Caravan Length and Stability
Caravan length and stability interrelate. The tow vehicle should weigh at least the same as the caravan. Excess caravan weight is undesirable. Excess caravan length, however, is more significant. Limit caravan length, and weight at either end.
Extreme caravan rear-end weight is particularly undesirable. Many caravans have about 110 lbs (about 50 kg) of spare wheels on their rear wall. The effect of that weight when pitching or swaying is many times more. If at all feasible, relocate those spare wheels onto a cradle underneath the caravan‘s chassis, or carry in the tow vehicle. Also, why two spare wheels? Tow vehicles normally have only one.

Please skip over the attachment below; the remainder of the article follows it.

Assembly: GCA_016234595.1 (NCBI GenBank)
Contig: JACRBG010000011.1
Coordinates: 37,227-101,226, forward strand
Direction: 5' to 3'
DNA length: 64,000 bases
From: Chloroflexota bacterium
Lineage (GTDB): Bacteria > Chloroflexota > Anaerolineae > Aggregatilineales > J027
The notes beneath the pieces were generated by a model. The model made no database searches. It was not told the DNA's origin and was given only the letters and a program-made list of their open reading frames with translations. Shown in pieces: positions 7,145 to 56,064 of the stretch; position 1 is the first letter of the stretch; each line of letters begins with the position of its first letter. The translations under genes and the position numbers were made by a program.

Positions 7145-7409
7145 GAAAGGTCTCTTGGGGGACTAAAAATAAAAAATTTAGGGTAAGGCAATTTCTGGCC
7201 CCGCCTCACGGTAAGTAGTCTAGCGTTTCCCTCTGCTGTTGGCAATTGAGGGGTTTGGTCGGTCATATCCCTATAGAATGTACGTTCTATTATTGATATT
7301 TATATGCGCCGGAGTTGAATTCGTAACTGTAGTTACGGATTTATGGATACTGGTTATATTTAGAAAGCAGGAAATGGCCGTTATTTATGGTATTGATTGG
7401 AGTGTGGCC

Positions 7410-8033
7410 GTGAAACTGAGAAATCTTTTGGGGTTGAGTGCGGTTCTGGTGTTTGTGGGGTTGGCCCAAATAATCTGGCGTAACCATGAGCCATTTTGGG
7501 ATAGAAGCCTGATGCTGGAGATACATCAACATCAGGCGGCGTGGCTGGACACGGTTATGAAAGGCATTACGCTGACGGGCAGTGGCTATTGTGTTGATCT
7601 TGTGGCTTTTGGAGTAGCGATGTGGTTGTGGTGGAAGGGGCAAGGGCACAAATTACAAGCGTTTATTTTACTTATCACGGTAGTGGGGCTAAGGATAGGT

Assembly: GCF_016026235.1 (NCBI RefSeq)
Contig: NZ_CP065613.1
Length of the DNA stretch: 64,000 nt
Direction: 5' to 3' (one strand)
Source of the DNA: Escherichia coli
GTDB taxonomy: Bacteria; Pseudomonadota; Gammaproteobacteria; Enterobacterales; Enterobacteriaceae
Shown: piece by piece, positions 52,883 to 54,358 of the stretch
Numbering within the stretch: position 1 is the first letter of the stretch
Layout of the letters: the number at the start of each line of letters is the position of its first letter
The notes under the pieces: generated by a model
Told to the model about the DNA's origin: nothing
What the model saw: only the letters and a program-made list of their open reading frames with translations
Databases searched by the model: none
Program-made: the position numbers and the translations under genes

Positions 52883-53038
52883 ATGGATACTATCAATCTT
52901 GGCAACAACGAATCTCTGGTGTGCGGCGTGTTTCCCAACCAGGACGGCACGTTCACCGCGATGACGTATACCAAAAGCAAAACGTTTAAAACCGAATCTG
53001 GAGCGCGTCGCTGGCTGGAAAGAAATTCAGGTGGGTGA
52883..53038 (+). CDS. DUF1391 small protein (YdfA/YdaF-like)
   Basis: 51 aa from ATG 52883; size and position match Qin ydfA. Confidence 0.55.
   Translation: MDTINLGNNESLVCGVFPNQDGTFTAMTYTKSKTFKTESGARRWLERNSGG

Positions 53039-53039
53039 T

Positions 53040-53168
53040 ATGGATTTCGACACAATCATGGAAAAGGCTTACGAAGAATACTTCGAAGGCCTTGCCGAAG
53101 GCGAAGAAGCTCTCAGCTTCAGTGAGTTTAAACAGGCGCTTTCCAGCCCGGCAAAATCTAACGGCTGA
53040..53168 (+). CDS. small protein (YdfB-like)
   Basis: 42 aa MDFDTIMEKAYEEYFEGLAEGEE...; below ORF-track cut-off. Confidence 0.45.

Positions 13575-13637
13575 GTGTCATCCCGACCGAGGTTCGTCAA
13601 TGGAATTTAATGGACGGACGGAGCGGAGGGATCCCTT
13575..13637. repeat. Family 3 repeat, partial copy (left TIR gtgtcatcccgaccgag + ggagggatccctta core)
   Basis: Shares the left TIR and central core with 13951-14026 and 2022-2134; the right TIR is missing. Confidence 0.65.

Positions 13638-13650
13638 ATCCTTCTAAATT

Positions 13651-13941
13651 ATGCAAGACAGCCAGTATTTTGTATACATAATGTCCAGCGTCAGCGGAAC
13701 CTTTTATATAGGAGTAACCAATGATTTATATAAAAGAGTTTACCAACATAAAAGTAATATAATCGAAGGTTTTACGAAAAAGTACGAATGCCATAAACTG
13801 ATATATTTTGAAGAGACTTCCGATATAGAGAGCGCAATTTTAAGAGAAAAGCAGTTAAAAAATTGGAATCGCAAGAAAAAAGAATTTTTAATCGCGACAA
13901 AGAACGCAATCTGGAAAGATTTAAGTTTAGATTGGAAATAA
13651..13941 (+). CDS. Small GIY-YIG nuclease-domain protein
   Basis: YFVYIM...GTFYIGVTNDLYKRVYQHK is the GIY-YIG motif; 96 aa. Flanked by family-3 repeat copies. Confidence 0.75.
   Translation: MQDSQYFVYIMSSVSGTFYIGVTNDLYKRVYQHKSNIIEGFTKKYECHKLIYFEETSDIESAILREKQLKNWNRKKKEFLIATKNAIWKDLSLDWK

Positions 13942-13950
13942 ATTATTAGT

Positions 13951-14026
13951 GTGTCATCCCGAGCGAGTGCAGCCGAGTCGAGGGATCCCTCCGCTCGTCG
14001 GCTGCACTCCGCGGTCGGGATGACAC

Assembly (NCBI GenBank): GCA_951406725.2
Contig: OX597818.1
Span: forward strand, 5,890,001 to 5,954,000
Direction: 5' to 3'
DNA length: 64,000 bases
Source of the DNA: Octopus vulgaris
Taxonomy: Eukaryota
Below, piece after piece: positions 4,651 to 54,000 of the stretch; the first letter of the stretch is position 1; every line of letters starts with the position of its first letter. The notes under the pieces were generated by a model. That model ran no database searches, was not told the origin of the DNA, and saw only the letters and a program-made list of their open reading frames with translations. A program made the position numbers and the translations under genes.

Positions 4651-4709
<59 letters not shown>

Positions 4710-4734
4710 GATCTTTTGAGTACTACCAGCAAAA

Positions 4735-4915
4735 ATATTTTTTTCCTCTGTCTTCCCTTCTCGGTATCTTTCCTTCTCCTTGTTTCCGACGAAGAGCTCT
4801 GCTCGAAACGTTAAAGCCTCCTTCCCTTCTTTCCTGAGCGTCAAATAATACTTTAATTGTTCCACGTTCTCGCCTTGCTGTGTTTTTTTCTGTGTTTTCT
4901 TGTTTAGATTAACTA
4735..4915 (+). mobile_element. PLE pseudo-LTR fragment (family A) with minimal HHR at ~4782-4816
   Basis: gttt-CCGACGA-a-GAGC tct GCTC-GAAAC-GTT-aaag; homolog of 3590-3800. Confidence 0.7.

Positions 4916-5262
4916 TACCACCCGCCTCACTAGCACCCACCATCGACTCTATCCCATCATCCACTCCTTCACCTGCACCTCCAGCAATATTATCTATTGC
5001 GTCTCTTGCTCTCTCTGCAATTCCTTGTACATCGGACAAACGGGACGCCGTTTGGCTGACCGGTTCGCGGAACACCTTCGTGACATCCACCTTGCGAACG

Caravan length and stability interact
A caravan towed via an overhung hitch is fundamentally unstable. Ample tow ball mass (e.g. 10%) is vital. There is nevertheless a speed at which caravans will sway. Friction and other mechanisms dampen that sway. They may not do so sufficiently in an emergency swerve to prevent the rig jack-knifing. This is particularly an issue in the USA. People there claim to tow long and heavy ‘travel trailers’ behind often lighter vehicles. Some do so at a claimed 160 km/h (100 mph). That is virtually a recipe for swaying. Or worse.
Caravan length and stability – how to ensure it first and every time
It is possible to design (and load) a caravan such that it will normally only sway at speeds as high as 160 km (100 mph) but that speed is better avoided. All this, and a great deal more is explained in RV Books’ top-selling Why Caravans Roll Over – and how to prevent it .
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